Netflix and Disney: This Is Only the Beginning

Netflix (NASDAQ: NFLX  ) and Disney (NYSE: DIS  ) are getting more exclusive. The two companies just announced a licensing deal that makes Netflix the only home for Lucasfilm's animated TV series Star Wars: The Clone Wars. But the pact isn't limited to just the five seasons that already aired on television: a sixth chapter will start streaming in March -- only on Netflix.

An animated Yoda appears on Netflix starting March 7. Image source: Netflix.

Sure, the final season of a canceled TV show is a modest commitment for a powerhouse like Disney. But it's really just the start of a huge amount of fresh content that the entertainment giant will be broadcasting through Netflix's service over the coming years.

Taking advantage of an "incredible platform"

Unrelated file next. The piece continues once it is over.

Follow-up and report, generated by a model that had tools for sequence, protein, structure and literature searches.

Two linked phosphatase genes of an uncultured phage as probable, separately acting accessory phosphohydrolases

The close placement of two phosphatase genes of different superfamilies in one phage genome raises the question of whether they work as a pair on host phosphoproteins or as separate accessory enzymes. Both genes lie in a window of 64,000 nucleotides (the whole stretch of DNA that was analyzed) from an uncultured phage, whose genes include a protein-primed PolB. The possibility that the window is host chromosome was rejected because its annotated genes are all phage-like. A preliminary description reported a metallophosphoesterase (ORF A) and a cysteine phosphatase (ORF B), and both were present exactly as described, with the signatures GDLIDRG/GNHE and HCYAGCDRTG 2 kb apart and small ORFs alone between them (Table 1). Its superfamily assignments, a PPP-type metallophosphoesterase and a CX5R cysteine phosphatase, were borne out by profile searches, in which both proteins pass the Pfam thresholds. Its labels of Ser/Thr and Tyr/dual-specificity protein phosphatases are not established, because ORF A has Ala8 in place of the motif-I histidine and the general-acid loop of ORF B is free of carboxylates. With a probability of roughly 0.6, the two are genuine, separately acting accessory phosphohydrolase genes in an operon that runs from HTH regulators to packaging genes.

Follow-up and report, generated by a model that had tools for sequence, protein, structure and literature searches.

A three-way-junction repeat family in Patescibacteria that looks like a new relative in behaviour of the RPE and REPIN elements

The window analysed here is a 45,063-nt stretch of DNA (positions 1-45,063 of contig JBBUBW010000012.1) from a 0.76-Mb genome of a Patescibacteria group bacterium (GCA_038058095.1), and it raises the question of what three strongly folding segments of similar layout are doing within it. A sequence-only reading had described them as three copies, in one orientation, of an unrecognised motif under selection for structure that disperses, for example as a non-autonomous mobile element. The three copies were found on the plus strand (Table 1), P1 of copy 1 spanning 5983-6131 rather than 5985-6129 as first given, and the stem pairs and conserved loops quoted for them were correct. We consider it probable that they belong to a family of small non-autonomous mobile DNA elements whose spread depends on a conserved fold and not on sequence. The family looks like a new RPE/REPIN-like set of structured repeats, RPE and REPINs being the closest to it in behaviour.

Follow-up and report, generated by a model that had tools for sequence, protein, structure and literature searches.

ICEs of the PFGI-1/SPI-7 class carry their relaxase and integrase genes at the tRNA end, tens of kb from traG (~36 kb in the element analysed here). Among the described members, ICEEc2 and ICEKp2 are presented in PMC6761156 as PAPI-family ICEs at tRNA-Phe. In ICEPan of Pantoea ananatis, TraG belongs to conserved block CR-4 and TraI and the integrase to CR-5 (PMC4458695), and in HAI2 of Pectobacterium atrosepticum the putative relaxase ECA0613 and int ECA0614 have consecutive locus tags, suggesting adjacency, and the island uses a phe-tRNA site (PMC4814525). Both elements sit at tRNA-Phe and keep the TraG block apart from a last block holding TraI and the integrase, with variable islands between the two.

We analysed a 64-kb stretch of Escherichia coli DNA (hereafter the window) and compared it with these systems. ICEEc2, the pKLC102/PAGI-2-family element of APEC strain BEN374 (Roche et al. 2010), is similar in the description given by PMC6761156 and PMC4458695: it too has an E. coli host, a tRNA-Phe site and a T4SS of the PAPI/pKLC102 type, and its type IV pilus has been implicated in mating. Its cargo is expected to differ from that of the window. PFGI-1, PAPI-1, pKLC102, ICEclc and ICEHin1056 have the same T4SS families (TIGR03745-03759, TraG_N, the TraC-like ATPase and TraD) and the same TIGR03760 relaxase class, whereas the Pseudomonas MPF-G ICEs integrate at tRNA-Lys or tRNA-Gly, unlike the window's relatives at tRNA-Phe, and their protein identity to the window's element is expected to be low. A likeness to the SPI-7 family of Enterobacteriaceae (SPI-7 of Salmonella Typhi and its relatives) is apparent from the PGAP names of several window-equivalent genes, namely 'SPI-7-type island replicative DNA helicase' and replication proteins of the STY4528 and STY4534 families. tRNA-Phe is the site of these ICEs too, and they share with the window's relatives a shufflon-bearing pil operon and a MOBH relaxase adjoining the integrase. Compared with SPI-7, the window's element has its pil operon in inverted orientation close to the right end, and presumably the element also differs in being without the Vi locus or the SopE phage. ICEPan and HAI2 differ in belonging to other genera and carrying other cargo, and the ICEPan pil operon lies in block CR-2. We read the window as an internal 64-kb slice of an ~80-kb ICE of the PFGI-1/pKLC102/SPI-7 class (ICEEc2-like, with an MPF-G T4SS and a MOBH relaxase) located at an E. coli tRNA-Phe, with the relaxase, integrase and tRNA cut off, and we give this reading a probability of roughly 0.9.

Next in line will be a number of new Marvel properties. Starting in 2015, Netflix will be the exclusive home of serialized dramas based on some underexposed characters from the Marvel universe. The shows are set to come out over a span of four years, beginning with a series focused on Daredevil, and followed by Jessica Jones, Iron Fist, and then Luke Cage.

In announcing the deal, a Marvel executive explained why the two companies were linking up so closely, saying, "Netflix offers an incredible platform for the kind of rich storytelling that is Marvel's specialty."

The deal is a win for Netflix, too, as it helps the company pioneer new entertainment models that are right in line with its recent binge-viewing push. As Chief Content Officer Ted Sarandos said at the time, "We're thrilled to be working with Disney and Marvel to take our brand of television to new levels."

Pushing the relationship to the "next level"
But the deepening Netflix-Disney relationship isn't limited to just TV. Beginning in 2016, Netflix will be the exclusive streamer for first-run feature films across Disney's properties of Pixar, Marvel, Lucasfilm, and Disney Animation studios.